Q. This one's for Ty. Sorry, Jack. Specifically for you, Ty, Jose Perez on Gardner-Webb says he knows you a little bit from some AAU experience. Can you talk about him a little bit and how you know him and just what Gardner-Webb, what jumps out on film about them?
TY JEROME: So we actually played in the same AAU program, PSA Cardinals in New York. I played against him, our high schools twice, I think. I heard he's having a great year. I think he leads them in rebounds. He posts a lot from the four position. He's been a versatile four for them, passed the ball well from out of the post. So I heard he's having a great year.
I think that versatility jumps out on film. One through five shoot the three. They're a little smaller, but they all attack. They're balanced. They have some really good athletes. They defend. They share the ball. They don't turn it over much. So they're a real good team. It's going to be a battle.
THE MODERATOR: Jack, do you want to elaborate on anything that jumps out about Gardner-Webb?
JACK SALT: Sure. Like Ty was saying, they're very versatile. They have five men that can shoot the three, face up and relentless. It's going to be a good matchup. We're excited to play tomorrow.
Q. This can go to any of you guys really, but I guess, as it relates to a year ago, you have new pieces that you didn't have then -- De'Andre being one, Braxton being another, Kihei being another. How much more equipped do you guys feel to play small ball defensively than you were maybe a year ago?
THE MODERATOR: This will be the final question. So we'll start with Kyle and anyone else answer.
KYLE GUY: I would say that on the ball Kihei brings something to the game that I've never played with or experienced. I'm not sure that full court-wise, Coach Bennett's ever seen anything like this in his program. He will be a key piece moving forward. Like I said, Braxton being able to rebound is huge. Obviously, we know what Dre brings to the table is just a little bit of everything. So whenever you're not playing with someone like that, your team's going to struggle a little bit. We've got him healthy and back and ready to go.
With Braxton and Kihei, I'm just excited for them to play with this team in the tournament for the first time.
THE MODERATOR: Anyone else? Thank you guys.
Virginia head coach, Tony Bennett.
TONY BENNETT: Obviously, excited to be back here and getting ready to play. I heard the tail end of our guys' responses, and I'm sure you guys got a lot of questions for me. So I'll look forward to answering them. Again, thankful to be in this spot, and we know how good, I'm sure you'll ask me, Gardner-Webb is, and we'll try to prepare as well as we can and look forward to playing tomorrow.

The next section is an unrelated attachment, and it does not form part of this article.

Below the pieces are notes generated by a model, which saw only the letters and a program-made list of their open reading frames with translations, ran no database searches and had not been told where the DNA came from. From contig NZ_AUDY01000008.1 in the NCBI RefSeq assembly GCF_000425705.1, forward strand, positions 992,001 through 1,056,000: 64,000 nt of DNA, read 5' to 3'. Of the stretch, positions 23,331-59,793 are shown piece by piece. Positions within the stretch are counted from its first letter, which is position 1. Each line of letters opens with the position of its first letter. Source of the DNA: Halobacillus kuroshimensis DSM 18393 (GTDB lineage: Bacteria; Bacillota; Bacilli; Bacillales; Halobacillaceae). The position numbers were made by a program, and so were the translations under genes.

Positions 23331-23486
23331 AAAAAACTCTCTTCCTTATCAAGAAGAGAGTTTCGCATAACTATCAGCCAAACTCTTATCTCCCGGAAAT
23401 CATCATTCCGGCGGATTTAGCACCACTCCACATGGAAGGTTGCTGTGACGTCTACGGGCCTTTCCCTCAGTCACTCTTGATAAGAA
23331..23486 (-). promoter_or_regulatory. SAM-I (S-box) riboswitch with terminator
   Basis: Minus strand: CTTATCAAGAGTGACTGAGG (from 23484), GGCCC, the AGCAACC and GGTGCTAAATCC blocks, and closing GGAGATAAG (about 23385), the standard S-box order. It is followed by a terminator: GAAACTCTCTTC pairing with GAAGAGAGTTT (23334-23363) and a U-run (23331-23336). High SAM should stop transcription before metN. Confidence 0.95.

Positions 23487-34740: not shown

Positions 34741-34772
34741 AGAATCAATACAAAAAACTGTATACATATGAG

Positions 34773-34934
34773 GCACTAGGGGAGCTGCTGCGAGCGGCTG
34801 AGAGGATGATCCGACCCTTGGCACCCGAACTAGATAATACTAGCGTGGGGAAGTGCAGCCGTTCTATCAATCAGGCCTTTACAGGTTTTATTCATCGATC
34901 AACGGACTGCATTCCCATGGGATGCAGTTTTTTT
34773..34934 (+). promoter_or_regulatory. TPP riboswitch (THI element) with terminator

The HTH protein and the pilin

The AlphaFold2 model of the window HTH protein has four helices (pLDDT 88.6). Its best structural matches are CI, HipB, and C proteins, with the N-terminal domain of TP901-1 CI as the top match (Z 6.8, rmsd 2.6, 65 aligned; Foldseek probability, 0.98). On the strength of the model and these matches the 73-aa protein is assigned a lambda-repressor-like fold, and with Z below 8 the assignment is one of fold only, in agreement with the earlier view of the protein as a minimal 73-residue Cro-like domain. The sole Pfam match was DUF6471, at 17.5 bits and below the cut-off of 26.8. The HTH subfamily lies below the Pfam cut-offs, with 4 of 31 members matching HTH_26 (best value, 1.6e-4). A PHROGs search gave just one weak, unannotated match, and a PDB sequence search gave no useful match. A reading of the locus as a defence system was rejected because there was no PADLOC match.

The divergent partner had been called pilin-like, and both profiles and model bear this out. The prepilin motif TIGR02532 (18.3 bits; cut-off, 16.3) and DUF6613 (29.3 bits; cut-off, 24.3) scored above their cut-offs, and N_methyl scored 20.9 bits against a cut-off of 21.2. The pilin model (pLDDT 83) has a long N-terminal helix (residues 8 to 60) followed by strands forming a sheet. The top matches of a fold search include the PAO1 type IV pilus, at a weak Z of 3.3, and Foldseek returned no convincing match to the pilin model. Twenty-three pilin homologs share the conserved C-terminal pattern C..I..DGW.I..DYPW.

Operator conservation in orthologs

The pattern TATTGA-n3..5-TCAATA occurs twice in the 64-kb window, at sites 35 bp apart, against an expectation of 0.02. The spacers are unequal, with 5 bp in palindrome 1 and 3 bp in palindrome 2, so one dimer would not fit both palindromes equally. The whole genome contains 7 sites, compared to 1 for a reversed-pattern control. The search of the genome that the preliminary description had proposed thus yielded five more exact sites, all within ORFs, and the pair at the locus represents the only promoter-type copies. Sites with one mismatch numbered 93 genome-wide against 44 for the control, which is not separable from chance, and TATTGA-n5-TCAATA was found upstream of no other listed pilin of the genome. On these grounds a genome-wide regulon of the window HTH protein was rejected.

Q. Tony, you don't always get a chance to see your incoming recruits play together before they get to college. Were you confident that Ty and Kyle would complement each other as well on the court as they have?
TONY BENNETT: Yeah, they're smart, skilled players, and they got to play in the NBA Top 100 Camp. They might have been on the same team, but they played in that. Just watching them in AAU, guys that have a feel for the game and are skilled and smart usually gel or mesh together, and they've done that. I think they've come in, and they've added to their physical. Coach Curtis has done a great job. They've gotten stronger and more athletic. But, again, the way they play the ball and the way they are, it was can we get them ready defensively? They've even taken steps in that area. So no question they have that.
Q. Some of your players describe Gardner-Webb's style as relentless and balanced. What jumps out to you?
TONY BENNETT: I'm impressed, well-coached. Tim does a great job. Teams that have fours and fives that can -- well, all the players that can shoot the three, multiple actions, great spacing of the floor, very good numbers offensively and defensively. Just, they're good. They beat two ACC opponents on the road, and one of the ACC assistants just called me and said they're very good. You've got to be ready. They can play.
Of course we're going to be ready. We understand that. When you get into this tournament, everybody can play. So just their balance, their ability to stretch the floor, the actions that they run, and, again, what D.J. did in the championship game was amazing, but they have multiple players to attack and score and play that way.
Q. Tony, I wanted to ask you about Ritchie McKay, your former assistant, obviously at Liberty, in the tournament for the first time since 2013. What stood out to you about your time with him as an assistant and how impressed are you with how he's been able to turn around the program to get to the NCAA Tournament?
TONY BENNETT: He did a great job when he was there the first time. Ritchie was such a blessing for me to come in. He was a friend from way back, head coaching experience, and have -- you know, I think he had been in the Virginia area for I don't know how many years exactly when I took the job. But excellent recruiter, understands the game at a high level offensively, great mind. Just who he is.